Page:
Time to buy banks with mark-to-market behind them?
Yesterday, the FASB (Financial Accounting Standard Board) caved into pressures from Wall Street and Washington, and said that it is OK for the banks to start cookin’ the books again! Did anyone really think the “bean counters” would take a real stand on something?
All kidding aside, those of you that follow my articles know that I do tend to lean toward a stricter form of accounting (not only for businesses, but for individuals as well). Make sure to check out my past articles on this topic Mark to Market and Is Your Home and Asset?
I want to review “mark to market” to make it crystal clear exactly what “mark to market” accounting is: “Mark” as to mark with a pencil in an accounting ledger, “to” the “Market” price. Market price representing that an asset is only worth what the market says it is worth.
“Mark to market” is just a stricter form of accounting!
Think of like a car that you have had for 8-9 years that has never let you down. It’s never broken down. It has been great… but you are just tired of looking at it and crave something new. You know it has never broken down and therefore worth more to you then what anyone will give you for it in the used car market.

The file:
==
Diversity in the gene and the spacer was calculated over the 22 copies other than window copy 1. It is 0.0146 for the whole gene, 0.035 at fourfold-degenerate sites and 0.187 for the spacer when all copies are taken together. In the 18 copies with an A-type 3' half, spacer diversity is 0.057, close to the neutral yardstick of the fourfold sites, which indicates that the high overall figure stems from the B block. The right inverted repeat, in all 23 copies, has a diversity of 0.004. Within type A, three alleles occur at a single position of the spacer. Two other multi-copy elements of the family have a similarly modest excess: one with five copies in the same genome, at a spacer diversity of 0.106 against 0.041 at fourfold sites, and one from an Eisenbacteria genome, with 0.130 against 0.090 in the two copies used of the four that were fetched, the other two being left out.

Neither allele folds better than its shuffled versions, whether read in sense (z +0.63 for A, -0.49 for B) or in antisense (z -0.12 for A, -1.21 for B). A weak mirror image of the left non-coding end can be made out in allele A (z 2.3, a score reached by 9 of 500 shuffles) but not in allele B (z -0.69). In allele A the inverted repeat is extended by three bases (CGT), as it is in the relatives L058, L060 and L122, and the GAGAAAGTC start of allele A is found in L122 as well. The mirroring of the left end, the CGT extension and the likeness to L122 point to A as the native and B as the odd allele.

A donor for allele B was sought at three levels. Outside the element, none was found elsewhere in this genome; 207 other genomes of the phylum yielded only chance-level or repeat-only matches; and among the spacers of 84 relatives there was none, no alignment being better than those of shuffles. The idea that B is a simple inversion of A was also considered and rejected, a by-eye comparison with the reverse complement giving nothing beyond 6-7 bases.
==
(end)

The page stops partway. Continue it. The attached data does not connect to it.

Unfortunately the market price will not take into account the fact that it has never broken down and it will generally just be priced similar to any other car like it.
“Mark to market” is no different. Nobody wants the toxic assets (bad mortgages) on the banks books, but they are not all toxic. In fact, there have been some banks that have never written a sub-prime mortgage, and have gone through all the proper procedures of writing a mortgage for their clients.
Regardless, a lot of these banks have fallen victim to the prejudice surrounding all these mortgages on the banks books. Remember, 90% of the people are still making their mortgage payments.
The easing of these rules allows banks to value these assets, based upon income and not just what a buyer is willing to pay.
The really interesting thing that comes into play here is the fact that we may be seeing the first sign of Washington starting to do too much. This easing of “mark to market” has a direct link to the recently announced TALF program.
TALF is (The Federal Reserve's Term Asset-Backed Securities Loan Facility) program where the Fed will lend money to investors and buy these assets off the banks’ books. But the price just went up, because of the new accounting standard and therefore it makes these mortgage assets more expensive and of more value to the bank.
In fact, the banks may no longer want to sell them! It will be interesting to see how all this shakes out.
This creates more uncertainty surrounding these assets, and the TALF program. Just a reminder to the interested TALF investors… that the rules of the game are a moving target.
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